Sirex melanopoda

Taxonomy

Family: Siricidae
Subfamily: Siricinae
Genus: Sirex Linnaeus, 1760
Species: Sirex melanopoda Benson, 1965
Common names: none

Background

Sirex melanopoda is a rare species known from India (Smith 1978).

Diagnostic characteristics

See Sirex for genus-level diagnostic characteristics.

Females:

Males:

  • Head, body, and legs completely metallic blue-black (Benson 1965)
  • abdomen tergites 3 to apex slightly purple-tinted (Benson 1965)
  • fore wing slightly yellowish hyaline (Benson 1965)

May be confused with

Both sexes of S. melanopoda can be distinguished from S. torvus by the entirely black legs. The male is distinguished by the entirely dark abdomen (Benson 1965).

Morphological and geographical variation

none recorded

Host associations

Sirex species feed on trees of Pinaceae and Cupressaceae. Sirex melanopoda is known from Abies pindrow (west Himalayan fir) (Smith 1978).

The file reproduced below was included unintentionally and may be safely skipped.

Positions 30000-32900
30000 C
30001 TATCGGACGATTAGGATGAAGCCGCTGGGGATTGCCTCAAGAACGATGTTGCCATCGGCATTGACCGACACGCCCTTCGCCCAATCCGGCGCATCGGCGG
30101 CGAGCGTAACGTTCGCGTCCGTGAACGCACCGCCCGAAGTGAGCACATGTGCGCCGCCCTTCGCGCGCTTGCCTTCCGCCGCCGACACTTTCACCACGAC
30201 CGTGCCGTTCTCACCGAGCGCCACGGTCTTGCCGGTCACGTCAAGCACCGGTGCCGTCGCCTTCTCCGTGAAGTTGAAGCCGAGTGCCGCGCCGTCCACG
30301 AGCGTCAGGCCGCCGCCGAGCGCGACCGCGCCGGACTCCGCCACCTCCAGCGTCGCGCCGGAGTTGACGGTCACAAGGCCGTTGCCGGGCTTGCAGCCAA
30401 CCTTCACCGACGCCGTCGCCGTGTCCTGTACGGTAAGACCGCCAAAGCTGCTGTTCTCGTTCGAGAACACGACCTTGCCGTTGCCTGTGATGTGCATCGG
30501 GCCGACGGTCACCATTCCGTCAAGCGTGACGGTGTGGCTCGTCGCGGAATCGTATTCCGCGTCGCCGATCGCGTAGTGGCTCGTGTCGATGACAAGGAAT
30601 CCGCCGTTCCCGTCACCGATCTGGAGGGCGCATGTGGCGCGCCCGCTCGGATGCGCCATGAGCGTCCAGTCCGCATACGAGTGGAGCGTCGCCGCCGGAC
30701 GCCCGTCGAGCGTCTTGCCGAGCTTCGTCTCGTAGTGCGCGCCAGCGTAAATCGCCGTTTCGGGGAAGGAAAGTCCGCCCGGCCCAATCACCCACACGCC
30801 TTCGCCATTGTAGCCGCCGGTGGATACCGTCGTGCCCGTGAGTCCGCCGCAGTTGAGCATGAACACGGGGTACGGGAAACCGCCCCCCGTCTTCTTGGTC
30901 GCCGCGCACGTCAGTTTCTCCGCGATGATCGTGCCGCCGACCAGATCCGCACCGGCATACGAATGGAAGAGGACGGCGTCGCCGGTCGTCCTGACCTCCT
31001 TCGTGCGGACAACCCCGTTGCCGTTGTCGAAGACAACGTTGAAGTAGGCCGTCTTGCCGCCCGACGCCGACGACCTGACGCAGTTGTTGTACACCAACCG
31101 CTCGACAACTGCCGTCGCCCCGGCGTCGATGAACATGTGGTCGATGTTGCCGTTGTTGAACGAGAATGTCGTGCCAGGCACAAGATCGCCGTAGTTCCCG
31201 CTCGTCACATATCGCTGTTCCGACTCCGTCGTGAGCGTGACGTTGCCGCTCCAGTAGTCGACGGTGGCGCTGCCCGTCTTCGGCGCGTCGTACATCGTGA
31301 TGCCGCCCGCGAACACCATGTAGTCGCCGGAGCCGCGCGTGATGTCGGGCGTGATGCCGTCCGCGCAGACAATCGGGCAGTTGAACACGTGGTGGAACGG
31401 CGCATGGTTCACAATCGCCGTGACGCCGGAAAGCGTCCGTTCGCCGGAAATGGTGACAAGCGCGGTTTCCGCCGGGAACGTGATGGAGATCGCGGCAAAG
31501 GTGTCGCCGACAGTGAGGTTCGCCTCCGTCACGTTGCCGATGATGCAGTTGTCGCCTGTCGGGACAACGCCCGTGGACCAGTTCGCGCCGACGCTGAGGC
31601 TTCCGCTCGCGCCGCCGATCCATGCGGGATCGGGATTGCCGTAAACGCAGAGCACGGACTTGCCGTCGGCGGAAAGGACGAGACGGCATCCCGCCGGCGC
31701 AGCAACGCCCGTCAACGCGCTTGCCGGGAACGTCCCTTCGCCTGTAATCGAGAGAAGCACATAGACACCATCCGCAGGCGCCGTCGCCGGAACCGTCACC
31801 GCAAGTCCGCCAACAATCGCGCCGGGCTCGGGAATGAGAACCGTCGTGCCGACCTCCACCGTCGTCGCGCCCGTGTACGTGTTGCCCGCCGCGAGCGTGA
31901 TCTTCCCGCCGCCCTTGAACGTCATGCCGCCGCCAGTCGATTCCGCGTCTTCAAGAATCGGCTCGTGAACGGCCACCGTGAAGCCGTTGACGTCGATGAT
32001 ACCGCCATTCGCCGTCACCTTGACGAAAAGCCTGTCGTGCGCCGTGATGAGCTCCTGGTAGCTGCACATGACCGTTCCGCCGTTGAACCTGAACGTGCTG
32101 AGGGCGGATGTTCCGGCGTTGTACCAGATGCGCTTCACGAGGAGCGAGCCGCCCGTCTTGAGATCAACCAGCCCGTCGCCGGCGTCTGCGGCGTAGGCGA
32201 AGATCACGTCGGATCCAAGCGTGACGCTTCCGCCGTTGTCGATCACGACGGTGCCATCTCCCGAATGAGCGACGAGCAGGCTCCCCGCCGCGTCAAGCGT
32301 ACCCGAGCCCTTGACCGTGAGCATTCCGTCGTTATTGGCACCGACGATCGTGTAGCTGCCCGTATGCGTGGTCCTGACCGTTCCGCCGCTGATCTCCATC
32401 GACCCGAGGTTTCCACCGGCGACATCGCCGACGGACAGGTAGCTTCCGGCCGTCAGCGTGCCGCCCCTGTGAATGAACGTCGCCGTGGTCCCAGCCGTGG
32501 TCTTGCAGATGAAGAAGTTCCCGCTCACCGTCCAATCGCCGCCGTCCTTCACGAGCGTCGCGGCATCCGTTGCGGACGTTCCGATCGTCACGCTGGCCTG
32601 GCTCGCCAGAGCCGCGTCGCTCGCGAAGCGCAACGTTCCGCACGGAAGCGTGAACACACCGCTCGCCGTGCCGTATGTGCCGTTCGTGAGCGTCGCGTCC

Life history

Female Sirex harbor symbiotic basidiomycete fungus in abdominal glands called mycangia. During oviposition, the site is inoculated with the fungus (Amylostereum spp.), which begins to decompose the surrounding wood. Larvae feed on the fungus, and in the process bore galleries through the wood (Schiff et al. 2012).

Larvae are creamy white and grub-like in appearance with a dark head capsule. As with adults, larvae possess a short dorsal horn on the posterior end of the body. The larvae bore galleries into wood, feeding until pupation and subsequent emergence. Throughout this process, the larvae use their horn to pack the tunnel behind them with sawdust. Emergence holes are perfectly circular. The fungal symbiont is carried in specialized organs in female larvae that develop into the mycangia after metamorphosis (Schiff et al. 2012).

Distribution

World: Sirex melanopoda is recorded in the Jammu and Kashmir, Uttaranchal and Punjab states of India (Benson 1965, Smith 1978, Saini et al. 2006).

North America: Not recorded.

No specific locality data was available for mapping the range of this species at the time of publication.

Specimens of this species not available for imaging.